Be the Boss Over Cancer

by Claudia S. on January 31, 2012
I was Diagnosed with:
Stage 1 Invasive Lobular Carcinoma
Date of Diagnosis:
February 9, 2010
Employment Status:
Marketing Consultant
Gender/Age:
Female/53
Type and Description of Treatments:
I had a lumpectomy, followed by 5 1/2 months of chemotherapy, then a bilateral mastectomy and reconstruction (expansion with implants). It was an 18 month process which has shaped my life profoundly.
How do you feel today?

I feel great today.

Since the diagnosis, what has changed in your life?

I am much less impatient. I have lots more compassion. I rarely really get angry. I've learned to let it go and to focus on what is most important in my life - family and friends.

What is going well for you right now?

I'm learning how to pace myself and allow life to unfold. I feel very strong and healthy and I'm very conscious of how lucky I am to feel so good after a year and a half of feeling so bad.

What has been the most challenging thing about having cancer?

The first time I heard the words "breast cancer" after my mammogram was the hardest part for me. After that, hearing that I had to have a mastectomy was earth shattering. The entire reconstruction process was tough for me. Chemo was hard, but my oncology nurses were like angels to me. My breast surgeon as well as my oncologist both allowed me to be a part of the decision making process and that made a world of difference.

When difficulties overwhelm you, where do you go for support?

My fear of recurrence is low right now, but every now and then it rears its ugly head and I go to my closest friends to talk it out. I have a large network of support and I lean on them all, as I did during the actual process of chemo and my surgeries.

How have your long-term goals or life goals changed since diagnosis?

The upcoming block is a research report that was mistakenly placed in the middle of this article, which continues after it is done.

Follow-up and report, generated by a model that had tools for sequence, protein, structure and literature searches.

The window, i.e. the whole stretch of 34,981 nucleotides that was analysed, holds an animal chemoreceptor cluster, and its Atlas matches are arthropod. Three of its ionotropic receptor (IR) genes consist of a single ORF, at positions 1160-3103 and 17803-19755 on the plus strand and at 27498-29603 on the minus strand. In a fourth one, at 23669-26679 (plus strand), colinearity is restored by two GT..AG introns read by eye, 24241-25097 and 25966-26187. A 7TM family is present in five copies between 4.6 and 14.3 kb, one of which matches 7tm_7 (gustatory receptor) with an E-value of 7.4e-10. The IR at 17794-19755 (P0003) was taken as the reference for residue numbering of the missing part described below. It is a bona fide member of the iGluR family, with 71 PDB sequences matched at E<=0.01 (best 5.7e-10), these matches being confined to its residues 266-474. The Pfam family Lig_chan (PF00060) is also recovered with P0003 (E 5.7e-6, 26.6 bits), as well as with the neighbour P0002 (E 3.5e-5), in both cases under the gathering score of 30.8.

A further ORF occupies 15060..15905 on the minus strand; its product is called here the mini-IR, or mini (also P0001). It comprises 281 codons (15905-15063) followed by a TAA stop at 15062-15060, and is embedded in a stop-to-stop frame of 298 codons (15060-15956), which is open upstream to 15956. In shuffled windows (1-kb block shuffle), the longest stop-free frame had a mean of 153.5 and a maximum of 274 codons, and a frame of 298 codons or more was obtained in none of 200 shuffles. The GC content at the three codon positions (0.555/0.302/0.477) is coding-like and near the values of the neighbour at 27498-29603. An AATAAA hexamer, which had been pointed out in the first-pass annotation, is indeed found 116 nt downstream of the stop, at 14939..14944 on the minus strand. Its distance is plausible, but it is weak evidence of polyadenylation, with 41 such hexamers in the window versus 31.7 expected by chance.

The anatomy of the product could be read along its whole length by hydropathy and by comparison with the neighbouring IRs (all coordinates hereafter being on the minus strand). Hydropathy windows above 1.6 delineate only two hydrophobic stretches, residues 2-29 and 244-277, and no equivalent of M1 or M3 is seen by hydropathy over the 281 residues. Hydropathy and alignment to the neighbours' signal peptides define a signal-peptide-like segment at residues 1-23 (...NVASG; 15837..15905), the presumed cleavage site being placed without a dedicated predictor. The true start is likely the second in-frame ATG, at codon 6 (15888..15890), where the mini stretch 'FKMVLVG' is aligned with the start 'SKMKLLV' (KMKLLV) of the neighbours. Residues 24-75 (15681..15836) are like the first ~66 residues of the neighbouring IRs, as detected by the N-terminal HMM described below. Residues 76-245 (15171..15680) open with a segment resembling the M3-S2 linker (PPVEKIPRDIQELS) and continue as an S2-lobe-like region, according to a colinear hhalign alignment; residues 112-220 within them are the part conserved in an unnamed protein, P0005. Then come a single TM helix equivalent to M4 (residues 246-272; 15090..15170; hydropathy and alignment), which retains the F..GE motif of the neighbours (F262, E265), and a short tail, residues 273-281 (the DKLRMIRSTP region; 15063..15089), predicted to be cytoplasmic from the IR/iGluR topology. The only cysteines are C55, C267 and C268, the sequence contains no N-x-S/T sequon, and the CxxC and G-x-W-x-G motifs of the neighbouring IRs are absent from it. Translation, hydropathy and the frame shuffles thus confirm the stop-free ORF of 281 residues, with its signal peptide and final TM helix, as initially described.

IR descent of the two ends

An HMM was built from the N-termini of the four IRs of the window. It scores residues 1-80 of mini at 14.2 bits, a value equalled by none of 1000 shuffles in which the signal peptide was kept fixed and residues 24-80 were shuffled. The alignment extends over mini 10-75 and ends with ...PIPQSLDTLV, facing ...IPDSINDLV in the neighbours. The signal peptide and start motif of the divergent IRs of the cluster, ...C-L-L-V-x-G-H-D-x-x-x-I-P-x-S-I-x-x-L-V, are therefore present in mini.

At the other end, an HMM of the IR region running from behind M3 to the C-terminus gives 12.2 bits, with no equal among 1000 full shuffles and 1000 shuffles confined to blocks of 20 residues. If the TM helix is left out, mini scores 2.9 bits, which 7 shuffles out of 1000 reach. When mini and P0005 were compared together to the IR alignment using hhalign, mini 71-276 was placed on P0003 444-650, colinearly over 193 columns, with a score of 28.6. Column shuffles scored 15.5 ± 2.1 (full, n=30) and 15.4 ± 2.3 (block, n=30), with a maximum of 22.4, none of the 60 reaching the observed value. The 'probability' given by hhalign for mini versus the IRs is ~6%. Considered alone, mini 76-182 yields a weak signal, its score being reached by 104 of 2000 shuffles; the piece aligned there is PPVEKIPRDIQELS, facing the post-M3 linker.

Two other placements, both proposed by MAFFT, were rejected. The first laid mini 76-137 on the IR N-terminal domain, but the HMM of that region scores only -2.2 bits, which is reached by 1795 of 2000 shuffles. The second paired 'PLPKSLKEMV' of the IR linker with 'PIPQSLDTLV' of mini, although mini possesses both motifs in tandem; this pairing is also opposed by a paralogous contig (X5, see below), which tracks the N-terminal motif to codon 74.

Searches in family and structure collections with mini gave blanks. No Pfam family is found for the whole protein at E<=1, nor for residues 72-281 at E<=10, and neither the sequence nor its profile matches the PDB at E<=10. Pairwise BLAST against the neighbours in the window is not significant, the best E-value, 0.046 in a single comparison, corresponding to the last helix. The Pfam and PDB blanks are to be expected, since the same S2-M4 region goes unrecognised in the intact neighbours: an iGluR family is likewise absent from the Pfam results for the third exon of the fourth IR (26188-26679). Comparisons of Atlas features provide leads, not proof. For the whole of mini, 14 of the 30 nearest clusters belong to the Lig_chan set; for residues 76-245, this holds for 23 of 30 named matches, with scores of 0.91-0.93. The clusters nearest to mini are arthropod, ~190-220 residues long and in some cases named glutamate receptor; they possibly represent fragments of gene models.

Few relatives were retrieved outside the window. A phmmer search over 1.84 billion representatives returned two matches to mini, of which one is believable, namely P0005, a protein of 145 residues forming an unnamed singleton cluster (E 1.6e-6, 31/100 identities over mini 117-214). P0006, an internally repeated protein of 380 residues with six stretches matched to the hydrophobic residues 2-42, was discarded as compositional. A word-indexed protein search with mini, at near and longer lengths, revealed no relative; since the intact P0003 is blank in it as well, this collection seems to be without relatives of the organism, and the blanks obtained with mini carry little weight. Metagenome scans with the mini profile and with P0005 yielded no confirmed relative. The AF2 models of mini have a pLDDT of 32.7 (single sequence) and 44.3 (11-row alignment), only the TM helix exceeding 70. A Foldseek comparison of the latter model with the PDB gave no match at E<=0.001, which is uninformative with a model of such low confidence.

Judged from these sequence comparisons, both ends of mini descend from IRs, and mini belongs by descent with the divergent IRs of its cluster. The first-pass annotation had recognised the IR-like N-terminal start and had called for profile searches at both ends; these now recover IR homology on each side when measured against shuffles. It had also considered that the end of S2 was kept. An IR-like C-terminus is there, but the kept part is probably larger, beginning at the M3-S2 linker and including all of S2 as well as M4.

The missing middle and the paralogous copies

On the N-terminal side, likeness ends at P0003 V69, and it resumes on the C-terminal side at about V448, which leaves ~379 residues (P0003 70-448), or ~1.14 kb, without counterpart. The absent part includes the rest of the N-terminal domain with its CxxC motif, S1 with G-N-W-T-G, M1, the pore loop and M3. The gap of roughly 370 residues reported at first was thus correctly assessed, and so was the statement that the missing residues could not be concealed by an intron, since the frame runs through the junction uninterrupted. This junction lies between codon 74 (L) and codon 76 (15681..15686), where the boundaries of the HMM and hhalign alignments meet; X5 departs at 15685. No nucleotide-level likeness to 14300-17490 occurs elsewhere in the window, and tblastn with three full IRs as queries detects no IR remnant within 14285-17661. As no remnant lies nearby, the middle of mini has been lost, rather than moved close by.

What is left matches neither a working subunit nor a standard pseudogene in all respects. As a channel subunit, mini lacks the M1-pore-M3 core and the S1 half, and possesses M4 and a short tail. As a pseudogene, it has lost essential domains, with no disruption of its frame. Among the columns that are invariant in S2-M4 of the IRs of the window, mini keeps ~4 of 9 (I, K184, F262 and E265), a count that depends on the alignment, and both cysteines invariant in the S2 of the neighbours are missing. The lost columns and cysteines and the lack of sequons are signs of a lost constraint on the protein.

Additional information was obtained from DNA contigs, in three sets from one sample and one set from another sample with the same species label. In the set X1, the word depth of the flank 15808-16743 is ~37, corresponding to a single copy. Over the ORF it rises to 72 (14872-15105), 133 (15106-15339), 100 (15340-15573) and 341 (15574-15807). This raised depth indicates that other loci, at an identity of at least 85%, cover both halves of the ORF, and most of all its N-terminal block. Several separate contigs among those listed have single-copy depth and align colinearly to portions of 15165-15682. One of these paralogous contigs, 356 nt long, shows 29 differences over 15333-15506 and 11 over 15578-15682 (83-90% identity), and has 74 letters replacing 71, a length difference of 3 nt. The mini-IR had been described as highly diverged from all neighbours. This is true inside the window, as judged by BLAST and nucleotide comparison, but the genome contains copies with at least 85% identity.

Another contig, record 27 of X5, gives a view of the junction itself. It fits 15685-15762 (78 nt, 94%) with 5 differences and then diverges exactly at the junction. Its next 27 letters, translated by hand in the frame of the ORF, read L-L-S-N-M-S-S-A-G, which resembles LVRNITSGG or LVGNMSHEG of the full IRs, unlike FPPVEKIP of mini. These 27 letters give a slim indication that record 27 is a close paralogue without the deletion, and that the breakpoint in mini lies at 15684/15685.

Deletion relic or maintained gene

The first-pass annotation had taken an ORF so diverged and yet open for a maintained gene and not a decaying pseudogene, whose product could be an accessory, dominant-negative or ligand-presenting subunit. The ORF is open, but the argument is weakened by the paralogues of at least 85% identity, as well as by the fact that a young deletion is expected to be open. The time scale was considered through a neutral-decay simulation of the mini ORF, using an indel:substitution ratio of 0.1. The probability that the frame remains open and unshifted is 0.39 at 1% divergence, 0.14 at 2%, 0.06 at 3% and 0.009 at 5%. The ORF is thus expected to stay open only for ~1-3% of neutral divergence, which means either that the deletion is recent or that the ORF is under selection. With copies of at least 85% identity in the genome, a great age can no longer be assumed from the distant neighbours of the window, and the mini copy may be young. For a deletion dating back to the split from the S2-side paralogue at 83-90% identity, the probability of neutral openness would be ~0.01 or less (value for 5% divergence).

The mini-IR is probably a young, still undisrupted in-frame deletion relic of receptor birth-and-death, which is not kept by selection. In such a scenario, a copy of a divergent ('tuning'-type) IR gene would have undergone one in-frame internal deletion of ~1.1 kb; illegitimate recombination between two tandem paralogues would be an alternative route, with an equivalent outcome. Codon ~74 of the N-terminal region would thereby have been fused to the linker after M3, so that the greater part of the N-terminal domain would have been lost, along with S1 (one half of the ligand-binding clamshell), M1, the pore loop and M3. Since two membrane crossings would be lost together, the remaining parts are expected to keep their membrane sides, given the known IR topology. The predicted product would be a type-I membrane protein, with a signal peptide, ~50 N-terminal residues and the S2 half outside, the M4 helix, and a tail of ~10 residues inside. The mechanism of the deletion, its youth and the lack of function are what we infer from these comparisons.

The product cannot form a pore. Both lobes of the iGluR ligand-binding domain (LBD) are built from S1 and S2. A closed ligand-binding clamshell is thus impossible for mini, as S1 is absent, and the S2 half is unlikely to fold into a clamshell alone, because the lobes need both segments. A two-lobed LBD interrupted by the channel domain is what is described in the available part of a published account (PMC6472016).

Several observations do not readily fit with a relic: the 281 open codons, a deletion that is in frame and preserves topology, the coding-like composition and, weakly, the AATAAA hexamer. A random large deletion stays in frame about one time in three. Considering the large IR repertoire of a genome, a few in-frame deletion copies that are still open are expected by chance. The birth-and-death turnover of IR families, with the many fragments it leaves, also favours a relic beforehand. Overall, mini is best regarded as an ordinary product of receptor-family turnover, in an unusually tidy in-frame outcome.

I am much more relaxed about life and truly do not sweat the small stuff anymore. I'm looking for a way to give back to the breast cancer community. I feel very lucky to be done with all of my treatments and would like to offer support to anyone else who is going through breast cancer. It's a wild ride, but if you are an active participant in your own care, and are open and receptive to allowing others to help you, you may come to see that cancer has had a strong and in an odd way, positive impact on your life.

What is your work arrangement right now? What are your hours?

I am a marketing consultant and work from my home office full time.

Since the diagnosis, what has changed in your work life?

I've actually been considering a career change to focus on work that is related to breast cancer.

What has helped you continue to work the most?

I was able to continue to work the entire time of my illness because of some truly fabulous clients and the fact that I work from home. I am really lucky!

What advice do you have for others trying to work through treatment?

I would recommend that you tell your boss what you're going through and ask them for their support during the process of treatments and/or surgery. I have found that most people rise to the occasion and want to help and support you through the process. I was truly pleasantly surprised by all my clients responses to my diagnosis - each and every one was extremely supportive and only wanted the best for me.

How have you dealt with any side effects of treatment?

After each chemo, I usually felt my worst on the 2nd & 3rd days following my treatments. I scheduled my chemos on Friday and would feel my worst on Monday afternoon and Tuesday, so wouldn't schedule meetings on those days. I was upfront with my clients because I had told them about my diagnosis, so it worked out fine. I was usually back to normal on Wednesdays and then was ok until my next treatment. I was very tired towards the end of my 5 1/2 months of chemo and just let "chores" go - the house was a mess, laundry didn't get done and I rarely stayed up past 10, because I needed to conserve my energy and deal with the treatments or the surgeries.

If "today's you" could give advice to "day-of-diagnosis you," what would you say?

I guess I would tell myself that it's all going to work out and that chemo was not as scary as I had expected. There's not much I would do differently. I was an active participant in my treatments and worked closely together with my team of doctors to help manage my overall health and I would encourage anyone else to do the same. In this era of technology, you can find anything on the web, and I think it's important to be on top of your own treatment. I went to lots of different sites to find information and would encourage anyone else to do the same - but just be sure they're reputable and respected sites.